Due Diligence Guidelines –
4. US “10b-5” Letters
4.1.1 In the case of initial public offerings on the Stock Exchange which have a Rule 144A component, the sponsor will typically require a 10b-5 letter, also known as a negative assurance letter or a disclosure letter, from the sponsors’ or listing applicant’s lawyers that practise US law22 addressed to the sponsors, providing negative assurance regarding the contents of the offering document.
4.1.2 Although the exact form of assurance varies from firm to firm, the 10b-5 letter effectively states that nothing has come to the law firm’s attention to give it reason to believe that the offering document contains any untrue or inaccurate statements or omits any material facts required to be stated in the offering document or necessary to make the statements in the offering document, in light of the circumstances under which they were made, not misleading. The 10b-5 letter typically tracks the language of Rule 10b-5 of the US Securities Exchange Act of 1934, as amended. Unlike a legal opinion, the 10b-5 letter is a factual statement that expresses no legal conclusions or legal analysis. The 10b-5 letter helps the sponsors establish their due diligence defence to liability under sections 11 and 12(a)(2) of the US Securities Act of 1933, as amended, and Rule 10b-5 of the Securities Exchange Act of 1934, as amended. As such, it is applicable only to the international offering document of a Hong Kong listing with a Rule 144A component, and is not intended to provide a regulatory due diligence defence to sponsors in Hong Kong.
4.1.3 The SFC has made it clear that sponsors should not give undue weight to 10b-5 letters.23
4.1.4 The regulatory obligation in Hong Kong to conduct due diligence rests with the sponsor and the SFC will not regard the issue of a 10b-5 letter as lessening the scope or extent of that obligation in any way.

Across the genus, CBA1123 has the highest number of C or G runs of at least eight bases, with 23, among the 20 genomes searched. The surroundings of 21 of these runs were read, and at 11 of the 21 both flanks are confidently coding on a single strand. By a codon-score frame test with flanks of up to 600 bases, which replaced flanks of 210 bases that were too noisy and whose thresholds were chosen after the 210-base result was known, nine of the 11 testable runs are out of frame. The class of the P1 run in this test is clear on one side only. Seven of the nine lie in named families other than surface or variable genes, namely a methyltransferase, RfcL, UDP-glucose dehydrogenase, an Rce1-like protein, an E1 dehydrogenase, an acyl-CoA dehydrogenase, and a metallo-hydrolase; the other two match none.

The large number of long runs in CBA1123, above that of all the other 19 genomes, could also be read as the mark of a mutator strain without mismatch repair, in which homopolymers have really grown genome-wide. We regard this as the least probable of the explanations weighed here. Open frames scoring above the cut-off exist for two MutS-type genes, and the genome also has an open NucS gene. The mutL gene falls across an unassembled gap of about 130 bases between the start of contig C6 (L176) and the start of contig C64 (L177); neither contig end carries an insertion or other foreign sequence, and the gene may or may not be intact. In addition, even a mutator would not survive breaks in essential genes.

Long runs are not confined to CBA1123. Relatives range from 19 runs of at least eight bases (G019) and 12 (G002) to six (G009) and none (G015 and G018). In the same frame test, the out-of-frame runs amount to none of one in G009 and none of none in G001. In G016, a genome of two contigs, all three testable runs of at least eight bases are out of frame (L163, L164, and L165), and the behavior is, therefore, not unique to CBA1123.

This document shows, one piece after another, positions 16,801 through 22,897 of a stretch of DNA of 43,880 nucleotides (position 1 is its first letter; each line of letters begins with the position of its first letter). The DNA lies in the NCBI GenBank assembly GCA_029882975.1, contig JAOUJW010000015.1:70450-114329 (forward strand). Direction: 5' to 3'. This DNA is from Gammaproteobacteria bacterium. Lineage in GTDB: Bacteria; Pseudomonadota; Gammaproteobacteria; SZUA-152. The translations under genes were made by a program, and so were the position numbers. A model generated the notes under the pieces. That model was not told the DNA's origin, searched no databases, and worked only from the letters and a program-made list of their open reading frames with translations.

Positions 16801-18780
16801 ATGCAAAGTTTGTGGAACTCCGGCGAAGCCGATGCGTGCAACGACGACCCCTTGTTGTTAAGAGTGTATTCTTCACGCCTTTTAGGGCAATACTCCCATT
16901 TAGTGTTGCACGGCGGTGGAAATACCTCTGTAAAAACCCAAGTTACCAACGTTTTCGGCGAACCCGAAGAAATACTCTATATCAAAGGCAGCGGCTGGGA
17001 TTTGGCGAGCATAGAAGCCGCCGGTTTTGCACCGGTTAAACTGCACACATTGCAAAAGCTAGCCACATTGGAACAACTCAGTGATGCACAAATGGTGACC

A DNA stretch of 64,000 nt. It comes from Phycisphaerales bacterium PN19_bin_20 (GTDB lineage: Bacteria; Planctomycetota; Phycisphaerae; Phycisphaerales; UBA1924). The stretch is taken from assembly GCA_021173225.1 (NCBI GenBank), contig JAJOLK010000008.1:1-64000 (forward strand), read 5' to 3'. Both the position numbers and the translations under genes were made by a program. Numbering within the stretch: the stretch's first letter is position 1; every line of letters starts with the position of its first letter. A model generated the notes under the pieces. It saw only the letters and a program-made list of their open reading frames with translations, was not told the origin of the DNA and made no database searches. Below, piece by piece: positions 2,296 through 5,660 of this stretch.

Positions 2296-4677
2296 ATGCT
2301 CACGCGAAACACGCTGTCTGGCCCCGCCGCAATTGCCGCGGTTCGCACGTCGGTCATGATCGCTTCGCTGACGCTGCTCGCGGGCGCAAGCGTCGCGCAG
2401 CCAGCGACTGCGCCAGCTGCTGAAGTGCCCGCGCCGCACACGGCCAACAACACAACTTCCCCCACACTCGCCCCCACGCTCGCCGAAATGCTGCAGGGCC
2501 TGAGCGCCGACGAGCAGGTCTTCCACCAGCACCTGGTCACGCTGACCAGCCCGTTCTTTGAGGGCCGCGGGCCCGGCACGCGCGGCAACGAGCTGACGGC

4.1.5 Notwithstanding the foregoing, the 10b-5 letter should be accorded some level of importance. In general, law firms which practise US law take the issuance of 10b-5 letters very seriously and will only issue them after completing significant due diligence and pursuant to rigorous internal policies and procedures.
When a reputable and experienced law firm which practises US law is willing to provide a 10b-5 letter, it indicates that these professionals are sufficiently comfortable with the disclosure contained in the offering document. In some circumstances, this can serve as an independent check on the sponsor’s due diligence. In many cases, the law firm which practises US law may have even participated in the drafting of the offering document. While the onus remains on sponsors to perform their due diligence, the 10b-5 letter serves to supplement this task.
22. Sponsors will usually request a “10b-5” letter from the listing applicant’s lawyers as well, because not only are the listing applicant’s lawyers heavily involved in the due diligence process and the preparation of the offering documents, but they may also have more extensive knowledge of, and familiarity with, the listing applicant’s business.
“…as we made clear in the Consultation Paper, we were concerned that undue reliance may be placed on comfort letters from lawyers following the US practice of obtaining “10b-5” letters, where it is customary not to retain records of due diligence work. We do not consider that the existence of such a letter can have any bearing on whether a sponsor has in fact met its obligations given that the regulatory obligation in Hong Kong to conduct due diligence rests with the sponsor. Giving undue weight to such letters might give rise to concerns that a sponsor has over-relied on legal counsel during the due diligence process, and as a result has not met its obligations to conduct reasonable due diligence.”
HKCFEF Limited and the contributing law firms, accountants and sponsors are not offering these due diligence guidelines as legal, financial or professional advice or services and they should not be relied upon as such. These due diligence guidelines should not be used as a sole basis for any decision, action or inaction and are not meant to serve as a substitute for the advice of qualified professionals. See here for the full terms and conditions.